More than 600 Sheffield workers are to lose their jobs after a city factory announced it is closing its doors.
Administrators for Polestar UK have today announced that 548 employees will be made redundant at its plant in Tinsley.
The announcement – described as ‘devastating’ by MP Clive Betts – follows 65 job losses in the factory earlier this month.
Mr Betts, MP for Sheffield South East, said: “This announcement is absolutely devastating.
“A total of 613 well-paid jobs, in a new plant, which has had major investment in recent years is very difficult to comprehend.
“You have to ask questions about the management at such a new facility.
“I will be working with Sheffield Council to see if we can secure a support package from the Government to help the workers who have been made redundant.”
A total of 98 employees will lose jobs at the Sheffield Web site and 450 workers at the Gravure site – both of which operate at the same location – meaning 613 workers will lose jobs overall.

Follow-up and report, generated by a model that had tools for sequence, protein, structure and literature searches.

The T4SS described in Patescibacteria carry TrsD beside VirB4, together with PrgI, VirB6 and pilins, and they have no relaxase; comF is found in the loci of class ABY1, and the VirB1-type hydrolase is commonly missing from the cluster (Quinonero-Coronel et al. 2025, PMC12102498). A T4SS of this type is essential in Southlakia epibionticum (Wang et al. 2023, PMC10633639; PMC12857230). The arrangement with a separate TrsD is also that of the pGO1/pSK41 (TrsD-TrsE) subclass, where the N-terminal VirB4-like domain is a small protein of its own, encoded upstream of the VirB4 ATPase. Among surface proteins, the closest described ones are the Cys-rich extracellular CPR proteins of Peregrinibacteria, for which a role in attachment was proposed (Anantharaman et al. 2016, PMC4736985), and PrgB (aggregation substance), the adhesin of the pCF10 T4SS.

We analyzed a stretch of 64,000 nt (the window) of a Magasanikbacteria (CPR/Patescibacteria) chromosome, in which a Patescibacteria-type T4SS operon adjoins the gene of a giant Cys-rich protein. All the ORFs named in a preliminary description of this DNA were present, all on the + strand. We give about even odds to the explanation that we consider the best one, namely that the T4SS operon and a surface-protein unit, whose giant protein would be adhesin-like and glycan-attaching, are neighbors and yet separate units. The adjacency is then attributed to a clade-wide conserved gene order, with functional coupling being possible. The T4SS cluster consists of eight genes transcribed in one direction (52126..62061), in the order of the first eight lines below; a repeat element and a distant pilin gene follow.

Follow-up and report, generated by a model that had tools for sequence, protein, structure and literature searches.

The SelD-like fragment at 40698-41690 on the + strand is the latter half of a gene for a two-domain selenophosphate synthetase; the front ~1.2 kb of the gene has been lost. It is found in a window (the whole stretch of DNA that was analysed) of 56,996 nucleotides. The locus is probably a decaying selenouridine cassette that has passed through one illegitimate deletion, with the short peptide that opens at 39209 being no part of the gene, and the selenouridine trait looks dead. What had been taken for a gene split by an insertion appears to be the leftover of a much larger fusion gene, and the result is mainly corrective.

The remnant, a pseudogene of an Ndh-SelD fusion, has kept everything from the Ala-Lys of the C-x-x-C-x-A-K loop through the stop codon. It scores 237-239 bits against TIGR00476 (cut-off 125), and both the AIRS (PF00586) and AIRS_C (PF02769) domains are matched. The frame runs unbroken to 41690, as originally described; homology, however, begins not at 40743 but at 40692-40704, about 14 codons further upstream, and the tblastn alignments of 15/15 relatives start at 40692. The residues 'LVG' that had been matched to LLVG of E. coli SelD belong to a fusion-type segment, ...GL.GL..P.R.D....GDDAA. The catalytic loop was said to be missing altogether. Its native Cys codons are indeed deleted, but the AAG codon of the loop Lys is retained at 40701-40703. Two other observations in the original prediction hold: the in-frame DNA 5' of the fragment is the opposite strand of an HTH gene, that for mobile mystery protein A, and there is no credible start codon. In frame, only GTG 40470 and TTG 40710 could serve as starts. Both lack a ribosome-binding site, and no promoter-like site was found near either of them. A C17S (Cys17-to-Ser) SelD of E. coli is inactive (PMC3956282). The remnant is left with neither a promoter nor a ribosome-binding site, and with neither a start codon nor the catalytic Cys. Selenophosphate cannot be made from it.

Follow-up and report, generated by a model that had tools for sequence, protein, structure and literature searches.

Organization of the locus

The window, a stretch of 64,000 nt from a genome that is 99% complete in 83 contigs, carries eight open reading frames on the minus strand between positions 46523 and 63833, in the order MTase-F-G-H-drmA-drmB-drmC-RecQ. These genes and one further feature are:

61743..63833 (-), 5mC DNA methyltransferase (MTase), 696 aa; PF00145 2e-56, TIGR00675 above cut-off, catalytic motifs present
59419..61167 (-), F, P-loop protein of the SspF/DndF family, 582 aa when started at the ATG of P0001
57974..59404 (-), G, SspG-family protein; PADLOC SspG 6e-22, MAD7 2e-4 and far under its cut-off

Administrators PwC say the Sheffield Web site will close with ‘immediate effect’ and a ‘controlled work out’ of remaining contracts at the Gravure site will be carried out before it too closes. They would not confirm if the entire UK business iss closing.
A PwC spokesman said all staff have been paid until May 31, after which ‘a number’ of employees will remain to decommission equipment.
Since their appointment in April, administrators have been working closely with Polestar UK Print Limited and Polestar Stones-Wheatons Limited, to keep the factory from closing.
Zelf Hussain, joint administrator and PwC partner, said: “It is with real regret that we have made these decisions, but this was the inevitable consequence of no viable offers being received and a rapid departure of a number of customers.
“We would like to thank employees for their assistance, cooperation and hard work at this difficult time.”
Polestar is the UK’s largest independent printer. Several Polestar companies went into administration earlier this year and were snapped-up by a new firm called Polestar UK Print Ltd in a ‘pre-pack’ deal in which a buyer – the company’s biggest investor – was already lined up.
The crisis comes after Polestar’s largest customer decided not to transfer their business to the new organisation.